One of the mysteries of the English language finally explained.
An adrenal enzyme that converts androstenedione and estrone to estrogen. Inhibiting its action is one approach to breast cancer prevention and treatment.
- ‘It binds to aromatase (the enzyme that converts testosterone to estrogen), holding it until it is destroyed.’
- ‘A group of estrogen-blocking drugs called aromatase inhibitors have proven effective in preventing breast cancer from recurring after surgery.’
- ‘Based on work done in other laboratories, Hayes' team suspects that atrazine feminizes the frogs by increasing production of an enzyme called aromatase, which converts testosterone to estrogen.’
- ‘Additionally, ovarian differentiation can be altered by embryonic exposure to a inhibitor of aromatase, the enzyme essential for estrogen synthesis.’
- ‘Chrysin, derived from Passiflora caerulea plants, does appear to block aromatase enzymes from converting testosterone to estrogen.’
- ‘The American Institute of Cancer Research has awarded a two-year, $200,000 grant to scientists at City of Hope to identify the specific substance in mushrooms that suppresses aromatase, an enzyme that controls estrogen production.’
- ‘Unlike most animals, many fish produce two forms of a gene responsible for the enzyme aromatase, which in turn makes estrogen.’
- ‘Letrozole disables an enzyme called aromatase, which the body needs to make estrogen.’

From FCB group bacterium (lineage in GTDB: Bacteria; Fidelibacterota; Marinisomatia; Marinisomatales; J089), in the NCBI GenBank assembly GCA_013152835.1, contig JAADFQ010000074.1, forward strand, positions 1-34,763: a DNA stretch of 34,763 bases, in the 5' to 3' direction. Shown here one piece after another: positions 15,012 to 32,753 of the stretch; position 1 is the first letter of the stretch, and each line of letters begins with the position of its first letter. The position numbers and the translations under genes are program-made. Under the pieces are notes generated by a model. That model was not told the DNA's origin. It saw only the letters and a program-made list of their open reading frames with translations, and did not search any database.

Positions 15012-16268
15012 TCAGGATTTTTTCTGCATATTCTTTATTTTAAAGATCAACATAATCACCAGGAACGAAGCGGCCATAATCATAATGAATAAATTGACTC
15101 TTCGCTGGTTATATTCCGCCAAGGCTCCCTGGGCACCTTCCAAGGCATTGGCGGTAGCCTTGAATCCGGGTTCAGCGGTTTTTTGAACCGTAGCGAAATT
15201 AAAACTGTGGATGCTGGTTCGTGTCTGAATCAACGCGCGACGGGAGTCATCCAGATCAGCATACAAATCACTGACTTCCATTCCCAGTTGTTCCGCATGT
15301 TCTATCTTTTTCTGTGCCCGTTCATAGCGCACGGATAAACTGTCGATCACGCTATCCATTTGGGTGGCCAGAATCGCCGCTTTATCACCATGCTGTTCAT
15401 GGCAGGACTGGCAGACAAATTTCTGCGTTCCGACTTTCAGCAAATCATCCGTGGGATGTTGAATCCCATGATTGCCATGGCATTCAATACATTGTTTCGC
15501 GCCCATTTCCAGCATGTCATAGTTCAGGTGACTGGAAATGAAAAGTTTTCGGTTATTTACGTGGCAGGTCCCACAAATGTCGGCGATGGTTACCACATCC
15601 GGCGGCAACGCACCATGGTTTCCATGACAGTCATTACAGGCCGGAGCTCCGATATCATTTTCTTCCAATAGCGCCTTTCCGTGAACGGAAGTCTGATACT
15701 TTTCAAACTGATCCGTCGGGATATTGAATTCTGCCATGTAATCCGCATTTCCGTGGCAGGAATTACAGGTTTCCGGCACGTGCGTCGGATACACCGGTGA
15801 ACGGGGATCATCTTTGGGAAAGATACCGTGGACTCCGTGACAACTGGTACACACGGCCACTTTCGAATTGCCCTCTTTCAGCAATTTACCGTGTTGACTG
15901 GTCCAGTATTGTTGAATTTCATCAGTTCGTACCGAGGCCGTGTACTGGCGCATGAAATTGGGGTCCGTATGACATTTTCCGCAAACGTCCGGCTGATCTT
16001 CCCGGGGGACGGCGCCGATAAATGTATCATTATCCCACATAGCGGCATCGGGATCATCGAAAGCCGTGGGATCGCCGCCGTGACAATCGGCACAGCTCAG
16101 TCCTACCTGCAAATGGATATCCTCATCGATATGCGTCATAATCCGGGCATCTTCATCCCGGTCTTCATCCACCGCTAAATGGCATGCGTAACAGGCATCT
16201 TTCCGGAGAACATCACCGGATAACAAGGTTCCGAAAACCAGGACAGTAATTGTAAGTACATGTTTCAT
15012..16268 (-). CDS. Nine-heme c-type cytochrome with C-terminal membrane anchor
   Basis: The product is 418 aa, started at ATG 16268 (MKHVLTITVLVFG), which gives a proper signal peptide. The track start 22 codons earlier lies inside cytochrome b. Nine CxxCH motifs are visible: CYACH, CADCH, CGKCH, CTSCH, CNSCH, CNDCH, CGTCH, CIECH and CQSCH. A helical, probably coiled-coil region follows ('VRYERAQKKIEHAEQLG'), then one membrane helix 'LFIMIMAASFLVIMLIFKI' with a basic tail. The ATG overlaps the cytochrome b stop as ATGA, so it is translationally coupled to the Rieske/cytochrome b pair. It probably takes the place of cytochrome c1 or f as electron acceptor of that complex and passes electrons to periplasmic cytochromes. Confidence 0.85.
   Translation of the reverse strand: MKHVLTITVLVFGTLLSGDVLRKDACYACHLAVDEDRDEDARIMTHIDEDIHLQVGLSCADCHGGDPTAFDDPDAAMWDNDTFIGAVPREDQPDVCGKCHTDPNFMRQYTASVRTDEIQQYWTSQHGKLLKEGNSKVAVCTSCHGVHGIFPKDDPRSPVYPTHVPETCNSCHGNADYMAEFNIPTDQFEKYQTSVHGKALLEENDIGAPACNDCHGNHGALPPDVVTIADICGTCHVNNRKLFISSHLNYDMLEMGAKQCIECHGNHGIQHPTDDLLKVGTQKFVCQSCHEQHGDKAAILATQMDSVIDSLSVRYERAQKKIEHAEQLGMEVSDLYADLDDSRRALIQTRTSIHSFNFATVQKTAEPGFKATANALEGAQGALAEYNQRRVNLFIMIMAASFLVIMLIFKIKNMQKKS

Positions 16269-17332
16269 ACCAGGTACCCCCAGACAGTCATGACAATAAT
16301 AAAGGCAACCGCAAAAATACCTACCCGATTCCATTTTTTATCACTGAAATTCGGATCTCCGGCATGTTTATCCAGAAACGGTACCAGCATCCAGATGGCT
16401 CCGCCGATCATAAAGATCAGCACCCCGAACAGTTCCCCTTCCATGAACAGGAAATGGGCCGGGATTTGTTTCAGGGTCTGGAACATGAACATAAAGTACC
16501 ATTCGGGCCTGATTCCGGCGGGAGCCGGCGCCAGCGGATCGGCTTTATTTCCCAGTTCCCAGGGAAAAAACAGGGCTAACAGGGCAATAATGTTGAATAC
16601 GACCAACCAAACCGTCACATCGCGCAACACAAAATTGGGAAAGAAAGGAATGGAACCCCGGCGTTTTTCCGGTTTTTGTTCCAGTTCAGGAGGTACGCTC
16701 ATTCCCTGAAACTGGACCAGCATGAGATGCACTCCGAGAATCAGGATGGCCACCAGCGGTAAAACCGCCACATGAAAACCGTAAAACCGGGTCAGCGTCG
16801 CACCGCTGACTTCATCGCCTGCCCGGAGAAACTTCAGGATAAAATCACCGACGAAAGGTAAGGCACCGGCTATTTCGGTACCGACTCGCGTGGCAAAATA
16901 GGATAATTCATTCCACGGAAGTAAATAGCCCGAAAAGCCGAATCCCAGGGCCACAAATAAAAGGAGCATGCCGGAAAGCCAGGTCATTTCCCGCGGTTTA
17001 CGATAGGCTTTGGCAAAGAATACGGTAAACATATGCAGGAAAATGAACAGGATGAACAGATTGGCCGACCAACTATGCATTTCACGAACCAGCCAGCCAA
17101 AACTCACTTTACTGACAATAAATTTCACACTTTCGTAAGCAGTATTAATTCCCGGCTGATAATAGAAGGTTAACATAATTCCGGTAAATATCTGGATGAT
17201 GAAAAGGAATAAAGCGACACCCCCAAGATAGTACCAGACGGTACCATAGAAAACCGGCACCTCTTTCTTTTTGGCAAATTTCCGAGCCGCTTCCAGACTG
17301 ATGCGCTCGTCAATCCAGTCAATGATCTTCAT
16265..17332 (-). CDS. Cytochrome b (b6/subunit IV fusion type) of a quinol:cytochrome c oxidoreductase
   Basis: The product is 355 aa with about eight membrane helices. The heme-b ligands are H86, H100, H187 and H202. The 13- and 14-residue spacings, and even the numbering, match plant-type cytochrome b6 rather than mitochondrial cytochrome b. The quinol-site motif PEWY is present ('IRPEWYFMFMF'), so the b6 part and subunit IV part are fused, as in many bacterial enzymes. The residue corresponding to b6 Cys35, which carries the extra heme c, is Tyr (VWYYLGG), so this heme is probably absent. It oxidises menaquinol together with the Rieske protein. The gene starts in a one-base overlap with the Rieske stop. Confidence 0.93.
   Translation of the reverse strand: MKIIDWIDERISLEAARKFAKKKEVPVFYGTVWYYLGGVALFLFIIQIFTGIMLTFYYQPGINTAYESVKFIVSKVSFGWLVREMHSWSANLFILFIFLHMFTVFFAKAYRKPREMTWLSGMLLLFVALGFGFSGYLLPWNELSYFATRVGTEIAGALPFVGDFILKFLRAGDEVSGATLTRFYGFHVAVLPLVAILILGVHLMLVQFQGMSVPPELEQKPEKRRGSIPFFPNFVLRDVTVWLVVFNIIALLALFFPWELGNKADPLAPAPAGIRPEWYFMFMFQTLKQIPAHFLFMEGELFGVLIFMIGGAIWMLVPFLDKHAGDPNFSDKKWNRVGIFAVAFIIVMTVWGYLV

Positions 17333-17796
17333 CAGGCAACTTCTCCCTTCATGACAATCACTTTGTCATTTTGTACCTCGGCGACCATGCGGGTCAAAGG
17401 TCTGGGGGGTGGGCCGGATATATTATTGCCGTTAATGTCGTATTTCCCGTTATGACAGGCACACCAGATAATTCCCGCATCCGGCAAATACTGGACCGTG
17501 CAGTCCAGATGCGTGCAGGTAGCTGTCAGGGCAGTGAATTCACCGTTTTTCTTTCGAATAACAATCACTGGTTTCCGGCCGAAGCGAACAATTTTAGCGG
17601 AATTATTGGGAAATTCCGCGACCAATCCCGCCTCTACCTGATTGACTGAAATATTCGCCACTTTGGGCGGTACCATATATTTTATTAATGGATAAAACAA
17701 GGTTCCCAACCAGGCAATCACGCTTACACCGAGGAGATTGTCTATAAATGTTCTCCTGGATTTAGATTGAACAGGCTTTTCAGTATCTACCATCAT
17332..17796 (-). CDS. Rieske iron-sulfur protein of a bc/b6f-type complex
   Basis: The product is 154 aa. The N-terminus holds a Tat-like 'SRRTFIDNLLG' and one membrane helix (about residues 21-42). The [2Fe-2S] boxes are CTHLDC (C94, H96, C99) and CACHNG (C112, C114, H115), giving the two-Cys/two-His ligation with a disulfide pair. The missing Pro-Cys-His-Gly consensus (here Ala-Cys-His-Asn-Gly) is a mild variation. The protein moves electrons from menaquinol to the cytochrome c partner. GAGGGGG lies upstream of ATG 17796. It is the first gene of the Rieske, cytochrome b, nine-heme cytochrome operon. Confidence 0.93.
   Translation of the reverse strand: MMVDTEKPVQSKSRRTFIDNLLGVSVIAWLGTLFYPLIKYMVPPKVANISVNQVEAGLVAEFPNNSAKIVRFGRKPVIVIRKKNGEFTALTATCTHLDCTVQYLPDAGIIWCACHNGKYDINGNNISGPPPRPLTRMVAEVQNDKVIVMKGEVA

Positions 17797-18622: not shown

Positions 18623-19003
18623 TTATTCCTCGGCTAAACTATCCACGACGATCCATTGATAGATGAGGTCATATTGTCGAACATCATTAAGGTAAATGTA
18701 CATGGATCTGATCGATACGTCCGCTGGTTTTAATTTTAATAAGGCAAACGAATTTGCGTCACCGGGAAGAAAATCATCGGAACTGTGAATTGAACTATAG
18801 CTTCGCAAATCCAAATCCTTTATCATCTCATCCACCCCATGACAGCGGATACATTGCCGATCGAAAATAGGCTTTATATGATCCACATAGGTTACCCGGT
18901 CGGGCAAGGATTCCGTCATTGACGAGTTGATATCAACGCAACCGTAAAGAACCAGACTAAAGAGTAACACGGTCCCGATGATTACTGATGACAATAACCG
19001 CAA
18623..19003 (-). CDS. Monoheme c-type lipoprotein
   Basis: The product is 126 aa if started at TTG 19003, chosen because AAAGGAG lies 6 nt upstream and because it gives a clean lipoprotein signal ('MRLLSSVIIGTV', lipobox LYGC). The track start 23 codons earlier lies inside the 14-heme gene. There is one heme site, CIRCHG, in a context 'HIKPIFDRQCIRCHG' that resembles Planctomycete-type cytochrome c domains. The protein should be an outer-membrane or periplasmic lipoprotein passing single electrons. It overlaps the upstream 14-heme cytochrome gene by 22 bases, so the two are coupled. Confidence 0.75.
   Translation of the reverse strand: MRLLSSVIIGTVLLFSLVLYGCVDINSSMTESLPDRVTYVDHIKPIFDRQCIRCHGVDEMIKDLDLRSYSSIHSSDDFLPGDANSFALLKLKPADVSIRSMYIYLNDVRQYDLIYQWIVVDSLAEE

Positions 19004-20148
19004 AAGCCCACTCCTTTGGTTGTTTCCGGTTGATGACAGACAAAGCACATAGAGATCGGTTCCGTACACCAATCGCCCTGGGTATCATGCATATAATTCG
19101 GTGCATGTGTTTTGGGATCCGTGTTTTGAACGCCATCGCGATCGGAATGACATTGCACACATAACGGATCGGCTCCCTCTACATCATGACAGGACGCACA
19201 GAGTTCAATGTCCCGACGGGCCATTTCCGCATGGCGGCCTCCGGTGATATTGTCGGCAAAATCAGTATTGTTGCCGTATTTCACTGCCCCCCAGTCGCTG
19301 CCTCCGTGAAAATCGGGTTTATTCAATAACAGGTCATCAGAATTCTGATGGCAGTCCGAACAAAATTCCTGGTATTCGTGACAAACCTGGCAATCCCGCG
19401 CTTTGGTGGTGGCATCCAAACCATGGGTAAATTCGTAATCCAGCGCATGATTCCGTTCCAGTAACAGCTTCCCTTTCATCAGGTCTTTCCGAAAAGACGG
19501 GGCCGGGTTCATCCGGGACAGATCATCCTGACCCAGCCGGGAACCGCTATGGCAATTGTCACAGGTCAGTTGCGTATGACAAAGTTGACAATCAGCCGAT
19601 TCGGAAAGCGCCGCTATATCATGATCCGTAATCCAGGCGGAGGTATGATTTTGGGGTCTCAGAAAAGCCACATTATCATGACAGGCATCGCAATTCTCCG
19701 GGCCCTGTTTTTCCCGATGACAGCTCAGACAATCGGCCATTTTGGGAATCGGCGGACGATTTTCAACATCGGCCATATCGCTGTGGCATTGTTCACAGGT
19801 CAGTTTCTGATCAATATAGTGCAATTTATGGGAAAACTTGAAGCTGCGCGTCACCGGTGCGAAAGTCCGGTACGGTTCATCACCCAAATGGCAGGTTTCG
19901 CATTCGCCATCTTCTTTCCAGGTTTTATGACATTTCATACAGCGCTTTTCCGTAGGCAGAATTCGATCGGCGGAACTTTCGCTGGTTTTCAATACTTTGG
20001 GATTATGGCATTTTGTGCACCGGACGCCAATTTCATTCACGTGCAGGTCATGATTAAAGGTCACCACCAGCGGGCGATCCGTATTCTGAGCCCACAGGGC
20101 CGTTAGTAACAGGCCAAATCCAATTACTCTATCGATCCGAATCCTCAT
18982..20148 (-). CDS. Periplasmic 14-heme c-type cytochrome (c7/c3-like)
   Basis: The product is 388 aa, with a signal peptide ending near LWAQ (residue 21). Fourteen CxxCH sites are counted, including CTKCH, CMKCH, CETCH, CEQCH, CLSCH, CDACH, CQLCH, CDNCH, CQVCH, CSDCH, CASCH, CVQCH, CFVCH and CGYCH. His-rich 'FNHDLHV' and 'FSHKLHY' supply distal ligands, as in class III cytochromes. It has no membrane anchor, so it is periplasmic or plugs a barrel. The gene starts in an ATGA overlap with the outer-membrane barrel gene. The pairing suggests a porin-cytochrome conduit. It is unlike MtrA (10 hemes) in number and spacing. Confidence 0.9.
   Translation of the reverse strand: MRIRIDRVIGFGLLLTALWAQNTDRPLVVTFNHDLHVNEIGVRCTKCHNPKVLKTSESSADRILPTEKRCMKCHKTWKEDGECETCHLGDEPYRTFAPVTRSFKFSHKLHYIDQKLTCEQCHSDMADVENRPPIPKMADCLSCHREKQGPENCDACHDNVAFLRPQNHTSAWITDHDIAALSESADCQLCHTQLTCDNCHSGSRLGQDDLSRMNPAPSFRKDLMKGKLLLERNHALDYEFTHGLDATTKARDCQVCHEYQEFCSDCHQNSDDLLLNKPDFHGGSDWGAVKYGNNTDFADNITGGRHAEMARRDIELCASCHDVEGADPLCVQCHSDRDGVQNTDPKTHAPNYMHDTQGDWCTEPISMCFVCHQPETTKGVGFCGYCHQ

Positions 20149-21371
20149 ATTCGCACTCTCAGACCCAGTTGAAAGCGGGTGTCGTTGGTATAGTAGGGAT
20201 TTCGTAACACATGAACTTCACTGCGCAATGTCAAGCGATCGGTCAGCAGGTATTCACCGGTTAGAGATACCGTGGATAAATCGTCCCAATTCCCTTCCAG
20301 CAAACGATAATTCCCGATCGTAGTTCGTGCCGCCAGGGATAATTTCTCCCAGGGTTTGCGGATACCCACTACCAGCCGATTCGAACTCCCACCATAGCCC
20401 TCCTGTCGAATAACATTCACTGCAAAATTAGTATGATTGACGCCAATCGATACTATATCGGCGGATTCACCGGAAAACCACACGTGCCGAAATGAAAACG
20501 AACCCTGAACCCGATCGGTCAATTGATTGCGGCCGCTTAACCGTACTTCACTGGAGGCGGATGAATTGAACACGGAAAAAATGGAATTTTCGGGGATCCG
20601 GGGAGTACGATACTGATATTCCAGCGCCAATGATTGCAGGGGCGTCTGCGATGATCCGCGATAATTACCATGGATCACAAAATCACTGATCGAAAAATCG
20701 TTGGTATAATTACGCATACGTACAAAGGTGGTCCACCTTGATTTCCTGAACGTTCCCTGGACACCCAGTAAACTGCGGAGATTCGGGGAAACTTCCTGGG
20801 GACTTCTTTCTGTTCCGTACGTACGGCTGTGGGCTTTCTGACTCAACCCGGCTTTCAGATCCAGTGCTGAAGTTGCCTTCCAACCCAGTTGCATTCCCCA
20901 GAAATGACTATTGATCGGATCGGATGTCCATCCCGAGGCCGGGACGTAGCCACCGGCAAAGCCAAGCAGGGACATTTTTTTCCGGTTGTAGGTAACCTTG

- ‘Researchers are investigating whether aromatase inhibitors can prevent breast cancer.’
- ‘These have shown that tamoxifen alone is inadequate treatment (and so, probably, is treatment with aromatase inhibitors alone) and should be given only to very frail women with a life expectancy of less than a year.’
- ‘Testosterone is converted to estrogen by aromatase enzymes that are present throughout the body, but the relationship between serum testosterone concentration levels and cognitive function in elderly women has not been studied.’
- ‘Fat cells are a rich source of the aromatase enzyme that converts testosterone to estrogen.’
- ‘Can you use tamoxifen or an aromatase inhibitor to prevent breast cancer in the first place?’
- ‘Unlike other aromatase inhibitors, exemestane is a steroidal aromatase inactivator, which means it selectively targets and irreversibly binds to the aromatase enzyme, which is required to produce estrogen.’
- ‘The brain cells in this area manufacture an enzyme called aromatase, which is involved in the action of testosterone.’
- ‘Aromatase inhibitors reduce estrogen levels in a woman's body by preventing an enzyme called aromatase from converting other hormones to estrogen.’
- ‘Excess fat contains an enzyme called aromatase, which converts some of your body's testosterone into estrogen and may lead to assorted abnormalities, such as gynecomastia (unsightly man-boobs).’
- ‘Testosterone is actually converted to oestrogen as it enters the brain by an enzyme we call aromatase Not all of it, and we don't know how much of it's converted to oestrogen.’
- ‘Goss and colleagues present data on the use of an aromatase inhibitor, letrozole, for prevention of breast cancer recurrence in women who have completed five years of tamoxifen therapy.’
- ‘At low doses, atrazine induces aromatase and estrogen expression.’
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